Generating a Custom Session Token

Summary

In this post I’m going to demonstrate how to generate a safe token for a custom session module.

The Session Token

When a user logs into a website, there needs to be a way to keep track of who the person is after the authentication occurs.  One method is to give the user a token after they log in and carry it around in a hidden field.  Another method used by Microsoft is to embed the token in the URL itself.  The token can also be placed in the authenticate field of the header.  Last, and most common the token can be stored in a local cookie that is non-persistent (in other words it goes away when the browser closes, unless you’re using Chrome).  For this blog post, it doesn’t really matter where the token is stored and used, I’m going to discuss the security of the token itself.

The first requirement is that you need to issue a unique token every time someone logs in and maintain a relationship between the user and the token (most likely in your database).  There was a security breach a few years ago involving a secure website that use the account number as their token (I can’t remember the company off the top of my head).  They also used it in the URL, which means that anybody looking over your shoulder can get your account number.  In addition to this problem, I’m betting that their account numbers were sequentially issued.  So a user could potentially log in, then modify the number in the URL and navigate around someone else’s account.  Probably one of the worse implementations I’ve ever encountered.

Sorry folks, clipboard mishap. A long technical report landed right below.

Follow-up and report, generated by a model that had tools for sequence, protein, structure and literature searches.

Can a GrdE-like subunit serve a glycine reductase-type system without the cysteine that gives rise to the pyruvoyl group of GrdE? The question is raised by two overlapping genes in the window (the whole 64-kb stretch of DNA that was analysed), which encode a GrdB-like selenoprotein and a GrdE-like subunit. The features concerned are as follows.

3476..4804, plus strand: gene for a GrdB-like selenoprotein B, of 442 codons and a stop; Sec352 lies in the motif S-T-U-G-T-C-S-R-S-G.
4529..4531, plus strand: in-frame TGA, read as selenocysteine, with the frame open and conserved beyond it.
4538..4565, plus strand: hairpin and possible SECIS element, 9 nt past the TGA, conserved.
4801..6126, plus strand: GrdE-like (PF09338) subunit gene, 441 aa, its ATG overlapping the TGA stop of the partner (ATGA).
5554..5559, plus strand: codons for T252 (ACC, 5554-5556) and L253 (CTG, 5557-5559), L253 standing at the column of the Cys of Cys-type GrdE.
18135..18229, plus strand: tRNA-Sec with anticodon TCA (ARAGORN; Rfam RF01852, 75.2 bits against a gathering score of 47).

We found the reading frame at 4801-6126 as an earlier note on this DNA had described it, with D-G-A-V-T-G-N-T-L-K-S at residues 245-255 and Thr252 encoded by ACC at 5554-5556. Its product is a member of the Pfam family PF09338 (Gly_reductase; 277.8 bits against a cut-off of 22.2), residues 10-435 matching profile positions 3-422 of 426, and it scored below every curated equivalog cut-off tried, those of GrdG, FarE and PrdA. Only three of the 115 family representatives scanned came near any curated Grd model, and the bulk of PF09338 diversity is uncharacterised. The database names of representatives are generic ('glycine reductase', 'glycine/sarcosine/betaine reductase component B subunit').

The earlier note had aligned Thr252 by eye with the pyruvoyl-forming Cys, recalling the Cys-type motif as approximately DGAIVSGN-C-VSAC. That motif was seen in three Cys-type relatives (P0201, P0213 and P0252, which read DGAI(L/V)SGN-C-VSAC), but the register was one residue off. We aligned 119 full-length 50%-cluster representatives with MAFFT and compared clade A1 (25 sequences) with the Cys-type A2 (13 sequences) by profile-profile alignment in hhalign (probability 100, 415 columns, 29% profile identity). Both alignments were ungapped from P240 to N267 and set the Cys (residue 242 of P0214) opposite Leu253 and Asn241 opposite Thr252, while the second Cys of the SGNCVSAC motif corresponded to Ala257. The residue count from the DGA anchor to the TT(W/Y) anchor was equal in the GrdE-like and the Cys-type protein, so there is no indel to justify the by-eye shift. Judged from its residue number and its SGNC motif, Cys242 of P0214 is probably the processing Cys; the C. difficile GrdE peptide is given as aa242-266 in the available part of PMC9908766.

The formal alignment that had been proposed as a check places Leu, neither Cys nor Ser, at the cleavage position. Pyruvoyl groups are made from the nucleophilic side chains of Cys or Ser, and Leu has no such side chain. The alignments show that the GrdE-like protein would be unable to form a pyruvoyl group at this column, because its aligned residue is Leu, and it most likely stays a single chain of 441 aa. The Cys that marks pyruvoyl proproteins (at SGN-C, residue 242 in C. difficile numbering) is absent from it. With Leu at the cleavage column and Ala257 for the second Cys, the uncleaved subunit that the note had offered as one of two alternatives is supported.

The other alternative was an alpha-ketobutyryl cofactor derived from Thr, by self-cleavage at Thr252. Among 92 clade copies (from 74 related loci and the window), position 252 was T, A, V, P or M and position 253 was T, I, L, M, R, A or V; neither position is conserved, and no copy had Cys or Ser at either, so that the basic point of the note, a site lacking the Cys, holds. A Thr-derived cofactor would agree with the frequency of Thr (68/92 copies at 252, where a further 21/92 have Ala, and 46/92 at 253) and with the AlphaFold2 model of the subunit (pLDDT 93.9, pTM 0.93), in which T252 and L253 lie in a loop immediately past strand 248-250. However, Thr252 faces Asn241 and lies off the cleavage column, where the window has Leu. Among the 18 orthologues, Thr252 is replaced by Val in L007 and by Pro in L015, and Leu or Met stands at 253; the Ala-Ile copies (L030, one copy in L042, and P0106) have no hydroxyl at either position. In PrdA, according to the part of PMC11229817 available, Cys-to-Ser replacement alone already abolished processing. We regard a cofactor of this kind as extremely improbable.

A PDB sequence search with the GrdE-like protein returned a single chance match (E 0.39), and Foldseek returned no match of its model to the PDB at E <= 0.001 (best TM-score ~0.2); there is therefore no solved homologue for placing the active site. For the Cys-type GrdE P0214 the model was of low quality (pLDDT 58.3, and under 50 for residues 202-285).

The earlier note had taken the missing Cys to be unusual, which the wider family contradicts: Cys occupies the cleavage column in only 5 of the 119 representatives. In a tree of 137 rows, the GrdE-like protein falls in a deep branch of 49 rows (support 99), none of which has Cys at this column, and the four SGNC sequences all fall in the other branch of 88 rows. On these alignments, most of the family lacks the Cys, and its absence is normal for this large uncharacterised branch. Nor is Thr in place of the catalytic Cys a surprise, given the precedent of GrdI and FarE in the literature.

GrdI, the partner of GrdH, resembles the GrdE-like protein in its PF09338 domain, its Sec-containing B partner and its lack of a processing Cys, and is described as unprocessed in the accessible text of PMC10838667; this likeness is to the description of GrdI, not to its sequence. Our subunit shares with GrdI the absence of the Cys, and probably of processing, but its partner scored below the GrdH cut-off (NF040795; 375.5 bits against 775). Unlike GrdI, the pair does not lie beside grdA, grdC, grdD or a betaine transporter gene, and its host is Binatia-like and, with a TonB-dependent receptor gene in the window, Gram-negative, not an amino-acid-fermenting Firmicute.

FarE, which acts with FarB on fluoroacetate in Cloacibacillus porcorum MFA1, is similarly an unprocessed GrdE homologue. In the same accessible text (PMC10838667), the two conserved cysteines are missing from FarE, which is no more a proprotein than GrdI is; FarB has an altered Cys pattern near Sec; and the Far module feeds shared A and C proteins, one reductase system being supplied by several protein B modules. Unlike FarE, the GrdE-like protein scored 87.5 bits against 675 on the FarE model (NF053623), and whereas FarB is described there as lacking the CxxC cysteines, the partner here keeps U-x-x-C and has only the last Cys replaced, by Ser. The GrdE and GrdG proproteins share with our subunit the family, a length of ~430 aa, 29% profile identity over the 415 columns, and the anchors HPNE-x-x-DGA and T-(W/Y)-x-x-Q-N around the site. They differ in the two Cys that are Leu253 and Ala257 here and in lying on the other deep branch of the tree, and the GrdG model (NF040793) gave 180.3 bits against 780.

So we need a unique key and the first thing that comes to mind is the GUID.  Sounds good.  In C# we can get a new GUID quickly.  We can strip out the dashes if we like and just treat it as a string.  One limitation to the GUID is that they are not unique if you take a subset of the GUID.  In other words, you’ll need the whole thing.  There is, however, another problem: The GUID sequence is predictable.  The GUID is also hex, not really a string of characters, so the permutations is much smaller than it appears.

While I was reading about GUIDs, I came across this article at stack overflow:

Generating random string using RNGCryptoServiceProvider 

This particular algorithm uses the RNGCryptoServiceProvider() to get a encrypted random number.  The algorithm cited is supposed to generate 40 character random strings that are very distant from each other.  So the test I want to perform uses the Levenshtein distance algorithm between each random generated string.

When I run 50,000 random strings comparing a string with it’s previous string I get a minimum difference in letters of 34, and an average of 39.  That means that at least 34 of the 40 letters were different as a minimum and on average at least 39 letters will be different.

Where to Get the Code

You can download the sample code from my GitHub account here and modify the parameters.
 

 

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